Lettuce belongs to the daisy or sunflower family (compositae). Lettuce exudes a small amount of a white, milky liquid when their leaves are broken.
Since it is primarily water, lettuce provides little health benefit beyond its nutrient content. In general, the darker the lettuce, the greater its nutrient content. All varieties of lettuce are a good source of chlorophyll and vitamin K. Romaine lettuce is generally the most nutrient-dense lettuce and is an excellent source of vitamin A, folic acid, and vitamins C, B1, and B2. It is also an excellent source of the minerals manganese and chromium.
Green leaf lettuce contains more than 100% of the daily value for bone-healthy vitamin K. The beta-carotene in green leaf lettuce helps with vision, while lutein and zeaxanthin protect the eye from the sun’s damaging rays, making this leafy vegetable super eye-healthy.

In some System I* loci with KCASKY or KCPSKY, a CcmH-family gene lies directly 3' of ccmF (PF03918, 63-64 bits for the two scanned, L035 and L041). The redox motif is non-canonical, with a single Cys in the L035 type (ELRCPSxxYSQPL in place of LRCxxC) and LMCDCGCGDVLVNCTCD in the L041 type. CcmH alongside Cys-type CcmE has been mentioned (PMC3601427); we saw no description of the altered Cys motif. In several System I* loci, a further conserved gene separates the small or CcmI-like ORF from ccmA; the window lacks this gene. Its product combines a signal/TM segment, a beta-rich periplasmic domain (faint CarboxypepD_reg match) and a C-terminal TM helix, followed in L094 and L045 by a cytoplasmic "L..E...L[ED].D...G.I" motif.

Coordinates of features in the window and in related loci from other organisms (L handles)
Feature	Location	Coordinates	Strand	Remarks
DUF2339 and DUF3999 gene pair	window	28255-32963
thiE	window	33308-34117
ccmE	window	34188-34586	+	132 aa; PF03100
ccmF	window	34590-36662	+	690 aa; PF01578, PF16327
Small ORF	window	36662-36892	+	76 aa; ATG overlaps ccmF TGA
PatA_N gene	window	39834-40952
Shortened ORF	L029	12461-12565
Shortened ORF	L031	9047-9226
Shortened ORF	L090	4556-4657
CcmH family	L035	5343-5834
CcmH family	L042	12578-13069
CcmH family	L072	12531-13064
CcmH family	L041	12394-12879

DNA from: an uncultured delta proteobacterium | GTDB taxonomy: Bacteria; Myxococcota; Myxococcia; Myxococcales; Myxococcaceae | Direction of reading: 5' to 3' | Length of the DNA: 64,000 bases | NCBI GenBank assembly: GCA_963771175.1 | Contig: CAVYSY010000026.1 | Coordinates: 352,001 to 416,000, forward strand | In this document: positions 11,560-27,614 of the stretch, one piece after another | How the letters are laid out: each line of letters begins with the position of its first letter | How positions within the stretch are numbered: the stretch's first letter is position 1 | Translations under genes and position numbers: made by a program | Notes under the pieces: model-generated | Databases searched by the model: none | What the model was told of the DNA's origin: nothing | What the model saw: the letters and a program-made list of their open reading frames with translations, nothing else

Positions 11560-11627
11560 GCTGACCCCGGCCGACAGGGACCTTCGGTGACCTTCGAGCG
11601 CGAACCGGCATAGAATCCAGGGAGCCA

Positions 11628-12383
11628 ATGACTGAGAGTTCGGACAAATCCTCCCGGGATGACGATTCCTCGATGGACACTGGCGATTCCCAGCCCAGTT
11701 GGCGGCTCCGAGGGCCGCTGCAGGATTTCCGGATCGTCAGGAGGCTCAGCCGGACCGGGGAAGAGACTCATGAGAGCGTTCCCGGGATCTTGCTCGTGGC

Lettuce has an extremely low calorie content (15 calories per 100 g) serving, and high water volume.
Sourced from: http://www.doctoroz.com/question?query=lettuce
Preparation and Storage
Dry the leaves with a salad spinner to prepare them for use in salads or for storage. Rinse and dry before storing in the refrigerator to remove excess moisture.
Crispheaded lettuce (eg. romaine) will keep for 5-7 days.
Butterhead and loose-leaf lettuce for 2-3 days.